We report this case for several reasons. First, the patient’s presentation was unusual with respect to the site of penetration of the rusty needle, in the temporomandibular joint. Second, the curved nature of the foreign body is very important in terms of the surgical removal. If the object is removed suddenly during surgery just by superficial pulling without proper exposure, it may drag the neurovascular structures together with it and may cause fatal injuries.
A foreign body can remain asymptomatic for a long time and, finally, present acute symptoms. Foreign bodies should be extracted immediately as they can lead to recurrent and chronic infections. If retained for a longer period of time, foreign body has a potential to induce an inflammatory reaction and over a period of time may lead to foreign body granuloma and in the present case may lead to ankylosis of temporomandibular joint.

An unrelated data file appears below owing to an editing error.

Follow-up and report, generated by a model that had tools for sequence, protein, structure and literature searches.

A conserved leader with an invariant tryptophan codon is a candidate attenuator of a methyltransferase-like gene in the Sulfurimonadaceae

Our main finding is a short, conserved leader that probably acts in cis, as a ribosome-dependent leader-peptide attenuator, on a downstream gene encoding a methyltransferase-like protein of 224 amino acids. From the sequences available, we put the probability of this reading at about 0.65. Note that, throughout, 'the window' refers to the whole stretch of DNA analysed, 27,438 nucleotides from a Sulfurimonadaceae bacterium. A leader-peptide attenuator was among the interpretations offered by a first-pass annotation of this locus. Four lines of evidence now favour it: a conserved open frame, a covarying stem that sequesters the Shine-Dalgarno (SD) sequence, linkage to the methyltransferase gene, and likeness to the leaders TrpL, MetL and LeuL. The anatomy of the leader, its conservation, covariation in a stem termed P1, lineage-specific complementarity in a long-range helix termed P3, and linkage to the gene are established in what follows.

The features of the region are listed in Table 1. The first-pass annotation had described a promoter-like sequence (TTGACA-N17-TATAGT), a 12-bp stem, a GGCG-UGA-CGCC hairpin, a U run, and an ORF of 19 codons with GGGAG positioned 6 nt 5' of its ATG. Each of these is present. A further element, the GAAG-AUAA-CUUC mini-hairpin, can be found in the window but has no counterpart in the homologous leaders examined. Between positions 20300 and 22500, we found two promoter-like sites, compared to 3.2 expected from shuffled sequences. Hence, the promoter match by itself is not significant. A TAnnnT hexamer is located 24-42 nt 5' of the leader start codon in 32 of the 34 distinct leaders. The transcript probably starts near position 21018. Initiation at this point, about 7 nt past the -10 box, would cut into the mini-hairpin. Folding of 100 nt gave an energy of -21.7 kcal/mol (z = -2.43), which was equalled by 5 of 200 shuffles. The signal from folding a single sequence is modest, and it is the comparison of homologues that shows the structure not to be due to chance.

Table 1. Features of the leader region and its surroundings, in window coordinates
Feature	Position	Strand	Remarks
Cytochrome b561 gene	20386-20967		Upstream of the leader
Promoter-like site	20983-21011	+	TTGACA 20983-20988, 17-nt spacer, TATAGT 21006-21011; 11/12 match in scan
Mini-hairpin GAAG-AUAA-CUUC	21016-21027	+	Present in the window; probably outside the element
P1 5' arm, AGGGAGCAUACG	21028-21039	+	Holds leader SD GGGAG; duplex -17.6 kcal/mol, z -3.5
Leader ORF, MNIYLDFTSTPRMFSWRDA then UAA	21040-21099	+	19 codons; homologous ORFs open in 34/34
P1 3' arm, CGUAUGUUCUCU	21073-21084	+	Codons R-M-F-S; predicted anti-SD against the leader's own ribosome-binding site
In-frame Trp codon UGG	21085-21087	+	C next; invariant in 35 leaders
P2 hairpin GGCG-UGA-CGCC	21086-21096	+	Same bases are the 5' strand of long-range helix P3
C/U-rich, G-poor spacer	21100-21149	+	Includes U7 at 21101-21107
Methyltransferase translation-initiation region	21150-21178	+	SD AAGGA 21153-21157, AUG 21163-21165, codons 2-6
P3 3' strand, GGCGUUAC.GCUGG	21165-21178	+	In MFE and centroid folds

In the last years, many authors have been indicating the use of the navigation systems for foreign bodies in facial region, specially when implies in danger for important anatomical structures, failure of previous attempts at removal the foreign body, the presence of multiple foreign bodies, the desire to achieve a minimally invasive access and to allow a quicker operation [8-10]. The referred method was not used on the case reported, due to the foreign body size and its superficial and easy location. It is of vital importance the professional knowledge about the possible foreign body existence on the patient’s head and neck segment in order to decrease the delayed foreign body’s removal due to several common misdiagnosis errors, reducing the complications that are likely to occur when foreign bodies are retained in the organism.
This is a rare case of foreign body lodged in temporomandibular joint. Precise knowledge about the regional anatomy is essential to prevent injury to the vital structures in the area during foreign body removal. It is important to identify the location of foreign body by appropriate investigations before deciding upon the plan for removal as it may lie over an important neural or vascular structure and pulling out of foreign body without adequate exposure of foreign body may lead to fatal complications.